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Omalizumab Granted First FDA Indication for Children and Adults with Multiple Food Allergies


The OUtMATCH trial showed that individuals as young as age 1 year could tolerate small amounts of peanut and other allergens without an allergic reaction.

The biologic omalizumab was approved by the US Food and Drug Administration (FDA) on February 16, 2024, for the reduction of allergic reactions, including anaphylaxis, that can occur after accidental exposure to 1 or more foods, according to an announcement from Novartis.

Omalizumab Granted First FDA Indication for Children and Adults with Multiple Food Allergies / image credit FDA approval stamp: ©Waldenmarus/stock.adobe.com

The new indication is for adults and children aged 1 year and older who have immunoglobulin-E (IgE)-mediated food allergy and renders omalizumab the first medication approved to reduce reactions in individuals who are allergic to multiple foods, Novartis states. There are approximately 160 foods that can trigger IgE-mediated allergic reactions.

Omalizumab is not for emergency treatment of any allergic reaction, including anaphylaxis, according to the company statement. Rather, the drug is administered subcutaneously once every 2 to 4 weeks in doses between 75 mg and 600 mg, with dose and frequency determined based on an individual’s weight and total serum IgE level. Anyone prescribed omalizumab to address food allergies should also continue to avoid foods that cause an allergic reaction, the company says.

"As more and more people are affected by food allergies, the need for a new approach to help prevent serious and often life-threatening allergic reactions and emergencies is critical," Sung Poblete, RN, PhD, chief executive officer of Food Allergy Research and Education said in the Novartis release. "As someone with food allergies, I know firsthand the significant impact they can have on people and their loved ones, and I share in the community's excitement for this approval." 

Findings from OUtMATCH

Foundational data for the FDA’s approval comes from the phase 3 OUtMATCH study, which enrolled individuals aged 1 to 55 years who were unable to tolerate up to 100 mg of peanut protein and up to 300 mg each of milk, egg, and 3 other nut proteins (cashew, hazelnut, and walnut). Eligibility required potential participants to be allergic to peanuts and at last 2 other allergens.

The primary outcome was the proportion of participants who could ingest a single dose of at least 600 mg (cumulative ≥1044 mg) of peanut protein without dose-limiting symptoms and the secondary outcome, the proportion who could consume at least 1000 mg of milk, egg, or cashew protein, without a moderate to severe allergic reaction.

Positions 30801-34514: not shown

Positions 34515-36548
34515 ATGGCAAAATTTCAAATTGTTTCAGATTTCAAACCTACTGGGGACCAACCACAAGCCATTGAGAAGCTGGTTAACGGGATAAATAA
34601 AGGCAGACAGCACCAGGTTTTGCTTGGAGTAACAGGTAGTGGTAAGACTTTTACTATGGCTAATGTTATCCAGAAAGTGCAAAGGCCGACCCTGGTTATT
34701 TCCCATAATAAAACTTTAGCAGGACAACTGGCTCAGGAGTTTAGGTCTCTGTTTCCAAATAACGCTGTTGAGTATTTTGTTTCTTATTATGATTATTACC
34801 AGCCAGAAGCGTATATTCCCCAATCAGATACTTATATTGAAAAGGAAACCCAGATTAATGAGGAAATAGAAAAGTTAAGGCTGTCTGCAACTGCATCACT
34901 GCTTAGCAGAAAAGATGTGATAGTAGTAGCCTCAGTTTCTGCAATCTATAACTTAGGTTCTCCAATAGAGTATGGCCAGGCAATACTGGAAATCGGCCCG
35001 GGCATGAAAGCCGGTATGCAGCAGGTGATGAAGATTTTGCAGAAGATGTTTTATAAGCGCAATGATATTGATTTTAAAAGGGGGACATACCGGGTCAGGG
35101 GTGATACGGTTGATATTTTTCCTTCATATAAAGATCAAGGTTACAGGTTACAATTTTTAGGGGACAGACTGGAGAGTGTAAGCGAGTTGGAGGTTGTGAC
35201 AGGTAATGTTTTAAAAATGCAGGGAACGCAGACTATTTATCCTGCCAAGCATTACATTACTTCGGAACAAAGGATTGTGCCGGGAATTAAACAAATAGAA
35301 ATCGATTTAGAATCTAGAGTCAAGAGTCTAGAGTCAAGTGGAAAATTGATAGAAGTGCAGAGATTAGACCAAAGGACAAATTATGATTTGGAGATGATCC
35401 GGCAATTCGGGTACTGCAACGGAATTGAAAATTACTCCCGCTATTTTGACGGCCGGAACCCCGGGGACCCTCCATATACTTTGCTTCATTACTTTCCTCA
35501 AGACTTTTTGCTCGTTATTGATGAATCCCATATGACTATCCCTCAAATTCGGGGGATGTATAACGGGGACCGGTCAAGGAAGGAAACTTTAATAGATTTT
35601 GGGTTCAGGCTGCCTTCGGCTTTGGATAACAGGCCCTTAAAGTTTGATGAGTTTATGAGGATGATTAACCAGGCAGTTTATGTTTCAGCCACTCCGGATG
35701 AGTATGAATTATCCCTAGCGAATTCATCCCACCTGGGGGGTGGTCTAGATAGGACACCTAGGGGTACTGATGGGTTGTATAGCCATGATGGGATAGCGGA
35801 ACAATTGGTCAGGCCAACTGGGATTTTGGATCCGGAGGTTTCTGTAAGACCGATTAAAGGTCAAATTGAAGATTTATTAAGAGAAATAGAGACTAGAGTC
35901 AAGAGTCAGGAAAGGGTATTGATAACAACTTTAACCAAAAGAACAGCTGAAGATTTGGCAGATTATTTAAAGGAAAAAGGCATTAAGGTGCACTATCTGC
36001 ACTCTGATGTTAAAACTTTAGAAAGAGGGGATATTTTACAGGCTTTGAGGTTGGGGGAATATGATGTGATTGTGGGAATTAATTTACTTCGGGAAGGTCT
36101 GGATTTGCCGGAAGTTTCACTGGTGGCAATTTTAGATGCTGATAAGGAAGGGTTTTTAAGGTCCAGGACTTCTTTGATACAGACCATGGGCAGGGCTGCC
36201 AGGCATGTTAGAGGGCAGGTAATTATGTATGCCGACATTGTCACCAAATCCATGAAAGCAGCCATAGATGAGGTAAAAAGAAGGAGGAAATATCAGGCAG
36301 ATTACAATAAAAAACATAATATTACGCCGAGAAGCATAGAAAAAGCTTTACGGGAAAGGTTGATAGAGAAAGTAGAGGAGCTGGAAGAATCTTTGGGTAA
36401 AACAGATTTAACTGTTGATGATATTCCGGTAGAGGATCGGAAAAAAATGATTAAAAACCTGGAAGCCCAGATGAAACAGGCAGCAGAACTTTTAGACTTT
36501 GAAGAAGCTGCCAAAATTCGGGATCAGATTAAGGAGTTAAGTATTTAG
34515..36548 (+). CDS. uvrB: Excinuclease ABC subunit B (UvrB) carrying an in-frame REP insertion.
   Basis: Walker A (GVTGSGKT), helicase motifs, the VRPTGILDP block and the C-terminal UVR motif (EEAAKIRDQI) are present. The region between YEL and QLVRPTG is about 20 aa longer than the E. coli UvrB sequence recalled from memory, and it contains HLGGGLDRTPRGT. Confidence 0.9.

After 16 to 20 weeks of treatment with omalizumab or placebo, participants were assessed using 4 food challenges comprised of gradually increasing amounts of their specific allergens with the goal of tolerating the single dose of peanut or other protein.

The investigators reported a significantly greater proportion of omalizumab-treated participants (66.7%) vs placebo treated participants (6.7%) were able to tolerate at least 600 mg of peanut protein (OR, 28.0; 95% CI 9.2-112; P < .001).

Similarly, significantly more participants who received omalizumab than received placebo injections tolerated at least 1000 mg of protein from milk (66% vs 11%; P < .001), egg (67% vs 0%; P < .001) or cashew (42% vs. 3%; P < .001) without moderate to severe allergic symptoms.

600 mg is equivalent to approximately two and a half peanuts or half a teaspoon of regular peanut butter.

1000 mg is equivalent to approximately two tablespoons of 1% milk, one-quarter of an egg or three and a half cashews.

The most common adverse events, occurring in 3% or more of participants, were injection site reactions and fever, Novartis said. The study’s safety findings were consistent with the omalizumab safety profile observed in previous clinical trials, across the drug’s additional indications, including for other allergic and inflammatory conditions such as chronic spontaneous urticaria, allergic asthma, and chronic rhinosinusitis with nasal polyps. .

"The stress of living with food allergies can weigh heavily on people and their families, particularly when navigating events like children's birthday parties, school lunches, and holiday dinners with friends and family," Kenneth Mendez, president and chief executive officer of the Asthma and Allergy Foundation of America said. "Given the growing prevalence of food allergies, this news offers hope to the many children and adults who may benefit from a new way to help manage their food allergies."

Additional details from the OUtMATCH trial will be announced during a session featuring late-breaking science at the 2024 American Academy of Allergy, Asthma & Immunology Annual Meeting on Sunday, February 25, 2024.

Source: FDA approves Xolair (omalizumab) as first and only medicine for children and adults with one or more food allergies. News release. Novartis. February 16, 2024. Accessed February 19, 2024. https://www.novartis.com/us-en/news/media-releases/fda-approves-xolair-omalizumab-first-and-only-medicine-children-and-adults-one-or-more-food-allergies

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